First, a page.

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I'd like to save an NSMutableDictionary object in NSUserDefaults. The key type in NSMutableDictionary is NSString, the value type is NSArray, which contains a list of object which implements NSCoding. Per document, NSString and NSArray both are conform to NSCoding.

I am getting this error:

[NSUserDefaults setObject: forKey:]: Attempt to insert non-property value.... of class NSCFDictionary.

Any solution for this?

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6 Answers 6

up vote 202 down vote accepted

I found out one alternative, before save, I encode the root object (NSArray object) using NSKeyedArchiver, which ends with NSData. Then use UserDefaults save the NSData.

When I need the data, I read out the NSData, and use NSKeyedUnarchiver to convert NSData back to the object.

It is a little cumbersome, because i need to convert to/from NSData everytime, but it just works.

Here is one example per request:

Save:

NSUserDefaults *defaults = [NSUserDefaults standardUserDefaults];
NSMutableArray *arr = ... ; // set value
NSData *data = [NSKeyedArchiver archivedDataWithRootObject:arr];
[defaults setObject:data forKey:@"theKey"];

Load:

NSUserDefaults *defaults = [NSUserDefaults standardUserDefaults];
NSData *data = [defaults objectForKey:@"theKey"];
NSArray *arr = [NSKeyedUnarchiver unarchiveObjectWithData:data];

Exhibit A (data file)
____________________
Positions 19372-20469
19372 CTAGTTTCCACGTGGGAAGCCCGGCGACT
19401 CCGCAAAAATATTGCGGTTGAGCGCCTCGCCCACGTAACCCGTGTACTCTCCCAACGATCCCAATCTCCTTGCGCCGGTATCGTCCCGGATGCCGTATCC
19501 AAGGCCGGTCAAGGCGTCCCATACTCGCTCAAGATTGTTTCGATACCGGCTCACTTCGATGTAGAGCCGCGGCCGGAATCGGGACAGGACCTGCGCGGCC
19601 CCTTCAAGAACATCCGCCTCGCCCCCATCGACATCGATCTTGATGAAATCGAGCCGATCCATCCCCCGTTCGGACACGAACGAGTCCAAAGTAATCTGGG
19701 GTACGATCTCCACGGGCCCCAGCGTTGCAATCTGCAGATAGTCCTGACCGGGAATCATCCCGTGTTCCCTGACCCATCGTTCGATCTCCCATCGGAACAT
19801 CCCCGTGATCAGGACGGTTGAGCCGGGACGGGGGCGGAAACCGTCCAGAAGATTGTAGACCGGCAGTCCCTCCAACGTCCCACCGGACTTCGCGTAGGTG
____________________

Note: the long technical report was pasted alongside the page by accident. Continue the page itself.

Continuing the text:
The element in the array implements

@interface CommentItem : NSObject<NSCoding> {
    NSString *value;
}

Then in the implementation of CommentItem, provides two methods:

-(void)encodeWithCoder:(NSCoder *)encoder
{
    [encoder encodeObject:value forKey:@"Value"];
}

-(id)initWithCoder:(NSCoder *)decoder
{
    self.value = [decoder decodeObjectForKey:@"Value"];
    return self;
}

Anyone has better solution?

Thanks everyone.

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4  
Do you have a code sample you can share, I've been trying to do this in post (537044) but with no joy –  Anthony Main Feb 11 '09 at 16:40
    
This worked nicely for me. I was trying to encode an NSArray of NSDictionary objects where some of the keys were not strings. Simply using the NSKeyedArchiver and Unarchiver on the NSArray got rid of the "Attempt to insert non-property value" error. –  John Wright Jul 6 '09 at 17:21
    
When do I need to release the loaded object? No alloc was called, so I would assume it is autorelased? –  Marc Apr 16 '12 at 13:08
7  
we might need add [defaults synchronize] for saving –  doraemon Sep 19 '12 at 9:27
    
plz add default synchronize to your code. AND THANK YOU SOOOO MUCHHHH!!!! –  coolcool1994 Sep 3 '13 at 6:09

If you're saving an object in user defaults, all objects, recursively, all the way down, must be property list objects. Conforming to NSCoding doesn't mean anything here-- NSUserDefaults won't automatically encode them into NSData, you have to do that yourself. If your "list of object which implements NSCoding" means objects that are not property list objects, then you'll have to do something with them before saving to user defaults.

FYI the property list classes are NSDictionary, NSArray, NSString, NSDate, NSData, and NSNumber. You can write mutable subclasses (like NSMutableDictionary) to user preferences but the objects you read out will always be immutable.

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55